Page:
Audacity causes controversy with newly published Privacy Notice

Guest post by Sheila, founding director of the BBE podcast agency

Audacity causes controversy with newly published Privacy Notice


Audio editing platform Audacity causes controversy with their newly published Privacy Notice in the latest software update version 2.4.

Crowned as one of the leading and favoured podcast audio editing software, Audacity has sent shockwaves to its users with the changes of their new Terms of Service many have questioned their updated and GDPR practises.

An update to the Desktop Privacy Notice was published on the 2nd July 2021 which lists the data that Audacity is collecting as well as the reason for collecting the data, with whom the data is shared and under which circumstances, how the data is protected, and how it is stored and deleted.

(Original post can be found on the website)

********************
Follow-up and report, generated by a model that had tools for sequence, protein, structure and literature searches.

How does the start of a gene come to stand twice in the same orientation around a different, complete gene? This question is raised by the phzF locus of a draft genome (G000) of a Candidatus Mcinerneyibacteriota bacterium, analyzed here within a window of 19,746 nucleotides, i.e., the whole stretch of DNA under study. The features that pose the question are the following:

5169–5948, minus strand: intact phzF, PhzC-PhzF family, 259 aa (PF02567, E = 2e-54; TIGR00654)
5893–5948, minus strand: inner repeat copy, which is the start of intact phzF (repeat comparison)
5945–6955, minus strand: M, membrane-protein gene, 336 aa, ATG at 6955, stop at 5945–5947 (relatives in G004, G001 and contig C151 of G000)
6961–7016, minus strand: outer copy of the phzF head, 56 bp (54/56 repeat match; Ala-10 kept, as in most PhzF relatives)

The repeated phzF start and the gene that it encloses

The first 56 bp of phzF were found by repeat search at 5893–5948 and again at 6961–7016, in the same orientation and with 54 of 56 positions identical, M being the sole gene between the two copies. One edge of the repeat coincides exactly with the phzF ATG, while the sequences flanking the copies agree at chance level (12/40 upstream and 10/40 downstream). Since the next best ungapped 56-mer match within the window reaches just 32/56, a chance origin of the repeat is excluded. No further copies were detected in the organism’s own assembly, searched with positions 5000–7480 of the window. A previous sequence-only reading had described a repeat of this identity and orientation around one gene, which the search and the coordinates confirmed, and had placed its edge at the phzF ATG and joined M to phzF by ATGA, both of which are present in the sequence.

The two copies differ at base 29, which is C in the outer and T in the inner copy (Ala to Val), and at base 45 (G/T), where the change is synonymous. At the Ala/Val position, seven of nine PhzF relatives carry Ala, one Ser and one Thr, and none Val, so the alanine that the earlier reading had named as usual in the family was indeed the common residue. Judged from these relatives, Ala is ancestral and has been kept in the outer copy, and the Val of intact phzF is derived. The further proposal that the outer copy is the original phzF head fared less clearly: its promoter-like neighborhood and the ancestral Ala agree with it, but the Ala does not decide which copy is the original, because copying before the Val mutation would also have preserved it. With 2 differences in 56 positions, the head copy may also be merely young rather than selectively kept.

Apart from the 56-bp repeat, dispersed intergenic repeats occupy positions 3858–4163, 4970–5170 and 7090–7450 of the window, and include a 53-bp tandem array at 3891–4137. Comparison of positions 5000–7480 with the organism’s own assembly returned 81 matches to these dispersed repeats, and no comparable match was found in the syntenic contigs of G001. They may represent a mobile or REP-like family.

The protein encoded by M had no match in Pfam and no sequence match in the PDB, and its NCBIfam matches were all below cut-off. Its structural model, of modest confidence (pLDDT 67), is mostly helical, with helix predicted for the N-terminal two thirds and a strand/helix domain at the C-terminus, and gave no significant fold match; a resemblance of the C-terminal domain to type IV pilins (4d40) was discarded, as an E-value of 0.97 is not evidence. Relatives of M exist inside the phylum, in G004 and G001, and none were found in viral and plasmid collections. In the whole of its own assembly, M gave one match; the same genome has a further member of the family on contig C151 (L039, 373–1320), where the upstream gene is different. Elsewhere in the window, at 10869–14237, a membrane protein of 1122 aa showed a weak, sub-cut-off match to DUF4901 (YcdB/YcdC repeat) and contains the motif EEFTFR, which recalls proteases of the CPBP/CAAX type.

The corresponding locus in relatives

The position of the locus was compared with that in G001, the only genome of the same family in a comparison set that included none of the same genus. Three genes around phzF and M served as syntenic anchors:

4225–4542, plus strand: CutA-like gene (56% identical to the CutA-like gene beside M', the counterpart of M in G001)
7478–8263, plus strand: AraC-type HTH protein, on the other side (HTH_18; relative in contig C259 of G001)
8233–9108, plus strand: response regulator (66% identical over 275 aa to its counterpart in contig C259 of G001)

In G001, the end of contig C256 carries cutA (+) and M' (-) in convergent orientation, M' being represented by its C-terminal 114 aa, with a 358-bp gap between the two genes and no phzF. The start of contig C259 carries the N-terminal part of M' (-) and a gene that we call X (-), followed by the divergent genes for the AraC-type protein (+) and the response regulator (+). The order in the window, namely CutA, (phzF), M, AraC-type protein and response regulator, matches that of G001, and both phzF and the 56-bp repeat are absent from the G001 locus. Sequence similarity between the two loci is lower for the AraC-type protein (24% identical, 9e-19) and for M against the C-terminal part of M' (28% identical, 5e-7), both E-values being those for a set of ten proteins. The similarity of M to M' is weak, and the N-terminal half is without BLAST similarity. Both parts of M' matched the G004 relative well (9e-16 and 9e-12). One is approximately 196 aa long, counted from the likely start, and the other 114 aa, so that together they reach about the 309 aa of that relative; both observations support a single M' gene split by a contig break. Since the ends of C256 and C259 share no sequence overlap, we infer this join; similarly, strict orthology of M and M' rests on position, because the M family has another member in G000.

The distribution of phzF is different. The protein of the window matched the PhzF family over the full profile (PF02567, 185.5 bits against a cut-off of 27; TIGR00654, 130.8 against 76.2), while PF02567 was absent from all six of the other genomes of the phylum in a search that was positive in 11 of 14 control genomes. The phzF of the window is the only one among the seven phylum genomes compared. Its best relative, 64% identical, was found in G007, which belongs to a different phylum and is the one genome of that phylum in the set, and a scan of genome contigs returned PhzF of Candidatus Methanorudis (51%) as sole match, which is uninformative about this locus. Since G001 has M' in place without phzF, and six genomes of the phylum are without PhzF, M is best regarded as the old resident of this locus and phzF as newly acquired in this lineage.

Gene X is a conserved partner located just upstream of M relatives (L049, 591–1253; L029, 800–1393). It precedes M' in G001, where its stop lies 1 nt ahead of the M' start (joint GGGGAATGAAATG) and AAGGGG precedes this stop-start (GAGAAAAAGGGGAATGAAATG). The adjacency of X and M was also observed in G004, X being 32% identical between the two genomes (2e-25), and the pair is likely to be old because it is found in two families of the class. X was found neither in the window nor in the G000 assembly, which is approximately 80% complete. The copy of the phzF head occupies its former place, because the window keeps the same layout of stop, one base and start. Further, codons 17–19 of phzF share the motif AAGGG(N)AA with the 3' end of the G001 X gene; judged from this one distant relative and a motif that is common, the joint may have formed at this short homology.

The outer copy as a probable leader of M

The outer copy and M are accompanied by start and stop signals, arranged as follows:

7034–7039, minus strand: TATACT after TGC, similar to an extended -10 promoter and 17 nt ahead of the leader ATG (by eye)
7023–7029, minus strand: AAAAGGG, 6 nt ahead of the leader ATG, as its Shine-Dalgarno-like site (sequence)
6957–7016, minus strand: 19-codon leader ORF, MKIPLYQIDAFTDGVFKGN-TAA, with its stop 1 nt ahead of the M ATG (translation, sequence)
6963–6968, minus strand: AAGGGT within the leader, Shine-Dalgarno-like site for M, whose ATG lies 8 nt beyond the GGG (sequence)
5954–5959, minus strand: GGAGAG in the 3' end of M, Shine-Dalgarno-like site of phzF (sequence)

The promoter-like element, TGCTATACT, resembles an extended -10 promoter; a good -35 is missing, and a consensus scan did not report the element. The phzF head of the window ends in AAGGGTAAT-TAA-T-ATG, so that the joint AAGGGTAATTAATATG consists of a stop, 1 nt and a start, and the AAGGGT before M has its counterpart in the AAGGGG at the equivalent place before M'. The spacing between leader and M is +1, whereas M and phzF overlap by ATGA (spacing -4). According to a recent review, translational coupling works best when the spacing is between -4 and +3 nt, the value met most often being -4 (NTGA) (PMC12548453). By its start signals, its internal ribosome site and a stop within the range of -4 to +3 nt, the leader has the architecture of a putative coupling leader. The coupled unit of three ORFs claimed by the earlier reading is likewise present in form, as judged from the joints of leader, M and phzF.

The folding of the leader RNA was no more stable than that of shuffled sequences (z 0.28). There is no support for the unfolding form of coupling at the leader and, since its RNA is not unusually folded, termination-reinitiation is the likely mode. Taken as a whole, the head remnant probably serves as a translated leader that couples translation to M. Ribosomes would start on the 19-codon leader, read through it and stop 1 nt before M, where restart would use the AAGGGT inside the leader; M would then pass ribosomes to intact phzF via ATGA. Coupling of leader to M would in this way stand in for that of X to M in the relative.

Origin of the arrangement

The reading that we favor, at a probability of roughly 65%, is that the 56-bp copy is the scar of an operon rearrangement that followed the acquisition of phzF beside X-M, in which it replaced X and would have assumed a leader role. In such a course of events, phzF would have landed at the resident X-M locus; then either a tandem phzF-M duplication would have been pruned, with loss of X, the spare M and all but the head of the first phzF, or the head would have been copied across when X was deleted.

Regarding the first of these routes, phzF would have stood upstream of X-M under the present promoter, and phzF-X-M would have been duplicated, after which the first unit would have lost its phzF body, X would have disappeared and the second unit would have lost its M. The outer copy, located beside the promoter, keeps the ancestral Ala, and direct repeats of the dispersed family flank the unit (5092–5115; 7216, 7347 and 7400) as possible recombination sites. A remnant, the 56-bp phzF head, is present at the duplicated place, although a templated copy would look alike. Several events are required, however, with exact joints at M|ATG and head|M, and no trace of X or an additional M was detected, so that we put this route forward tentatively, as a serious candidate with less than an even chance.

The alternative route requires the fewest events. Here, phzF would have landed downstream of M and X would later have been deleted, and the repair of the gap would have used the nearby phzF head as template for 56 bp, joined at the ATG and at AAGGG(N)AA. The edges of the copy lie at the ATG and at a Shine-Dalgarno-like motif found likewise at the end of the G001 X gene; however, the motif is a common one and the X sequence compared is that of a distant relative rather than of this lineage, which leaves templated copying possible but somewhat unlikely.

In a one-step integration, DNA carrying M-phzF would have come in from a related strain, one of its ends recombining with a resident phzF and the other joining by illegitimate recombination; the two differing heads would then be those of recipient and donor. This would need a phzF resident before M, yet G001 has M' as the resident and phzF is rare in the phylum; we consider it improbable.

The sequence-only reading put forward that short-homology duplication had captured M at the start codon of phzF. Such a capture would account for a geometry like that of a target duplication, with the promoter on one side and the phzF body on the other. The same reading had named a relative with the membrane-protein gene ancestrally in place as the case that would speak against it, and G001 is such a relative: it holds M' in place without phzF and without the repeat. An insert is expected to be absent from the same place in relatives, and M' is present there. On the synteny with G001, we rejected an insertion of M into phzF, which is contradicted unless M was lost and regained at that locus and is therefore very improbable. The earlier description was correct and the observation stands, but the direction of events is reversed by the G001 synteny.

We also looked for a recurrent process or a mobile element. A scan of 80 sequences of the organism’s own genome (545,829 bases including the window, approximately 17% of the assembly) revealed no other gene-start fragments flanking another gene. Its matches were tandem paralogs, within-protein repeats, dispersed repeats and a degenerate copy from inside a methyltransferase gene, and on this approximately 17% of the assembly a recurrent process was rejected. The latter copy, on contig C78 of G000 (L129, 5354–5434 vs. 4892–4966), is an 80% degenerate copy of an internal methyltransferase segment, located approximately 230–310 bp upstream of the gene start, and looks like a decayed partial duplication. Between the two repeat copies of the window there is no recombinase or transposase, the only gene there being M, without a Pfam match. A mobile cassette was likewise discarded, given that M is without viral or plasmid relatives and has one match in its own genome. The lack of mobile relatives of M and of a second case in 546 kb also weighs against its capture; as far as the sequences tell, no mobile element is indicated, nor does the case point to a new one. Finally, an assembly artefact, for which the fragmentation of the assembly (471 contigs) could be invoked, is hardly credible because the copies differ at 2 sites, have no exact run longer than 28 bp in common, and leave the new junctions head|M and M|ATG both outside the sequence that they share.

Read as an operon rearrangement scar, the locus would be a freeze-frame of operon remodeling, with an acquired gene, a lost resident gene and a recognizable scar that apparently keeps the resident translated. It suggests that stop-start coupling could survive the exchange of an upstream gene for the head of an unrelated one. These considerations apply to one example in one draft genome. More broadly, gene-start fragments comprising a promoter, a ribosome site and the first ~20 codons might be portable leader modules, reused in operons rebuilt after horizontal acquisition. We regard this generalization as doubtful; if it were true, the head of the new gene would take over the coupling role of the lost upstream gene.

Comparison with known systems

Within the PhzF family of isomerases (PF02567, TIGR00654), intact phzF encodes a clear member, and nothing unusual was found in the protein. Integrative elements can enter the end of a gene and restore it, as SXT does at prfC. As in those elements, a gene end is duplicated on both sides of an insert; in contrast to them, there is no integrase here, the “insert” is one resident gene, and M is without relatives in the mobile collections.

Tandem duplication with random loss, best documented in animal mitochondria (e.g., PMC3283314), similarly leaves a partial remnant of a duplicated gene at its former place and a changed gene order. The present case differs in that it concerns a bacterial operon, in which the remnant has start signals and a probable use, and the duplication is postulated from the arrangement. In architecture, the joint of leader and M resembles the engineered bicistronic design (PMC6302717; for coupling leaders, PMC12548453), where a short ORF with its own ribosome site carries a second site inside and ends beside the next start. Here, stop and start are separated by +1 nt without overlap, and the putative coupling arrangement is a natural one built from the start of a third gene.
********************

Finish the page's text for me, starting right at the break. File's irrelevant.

The following data is or may be collected by Audacity:

  • App Analytics and App Improvements:
    • OS version
    • User country based on IP address
    • OS name and version
    • CPU
    • Non-fatal error codes and messages (i.e. project failed to open)
    • Crash reports in Breakpad MiniDump format
  • For legal enforcement
    • Data necessary for law enforcement, litigation and authorities’ requests (if any)
Credit: BBE Podcast Agency


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What does Audacity’s new terms of service mean?

The “legal enforcement” data collecting part of the Desktop Privacy Notice is vague, as it does not list the data that Audacity may provide for “law enforcement, litigation and authorities’ requests”. It is unclear why it is not listed. While it is clear that a company does not know which data law enforcement may request, a list of information that Audacity collects or may collect could be listed there.

Another paragraph that is seen as problematic is 7.1 Data storage and transfers of data. Audacity data is stored on servers in the European Economic Area according to the paragraph, but personal data may be shared occasionally with the group’s main office in Russia and the group’s external counsel in the United States.

Many online users suspect the new privacy notice looks like a lighter version of the group’s Musescore privacy policy, but with less data collecting.

audacity privacy notice 2021
Credit: @Chryseus on


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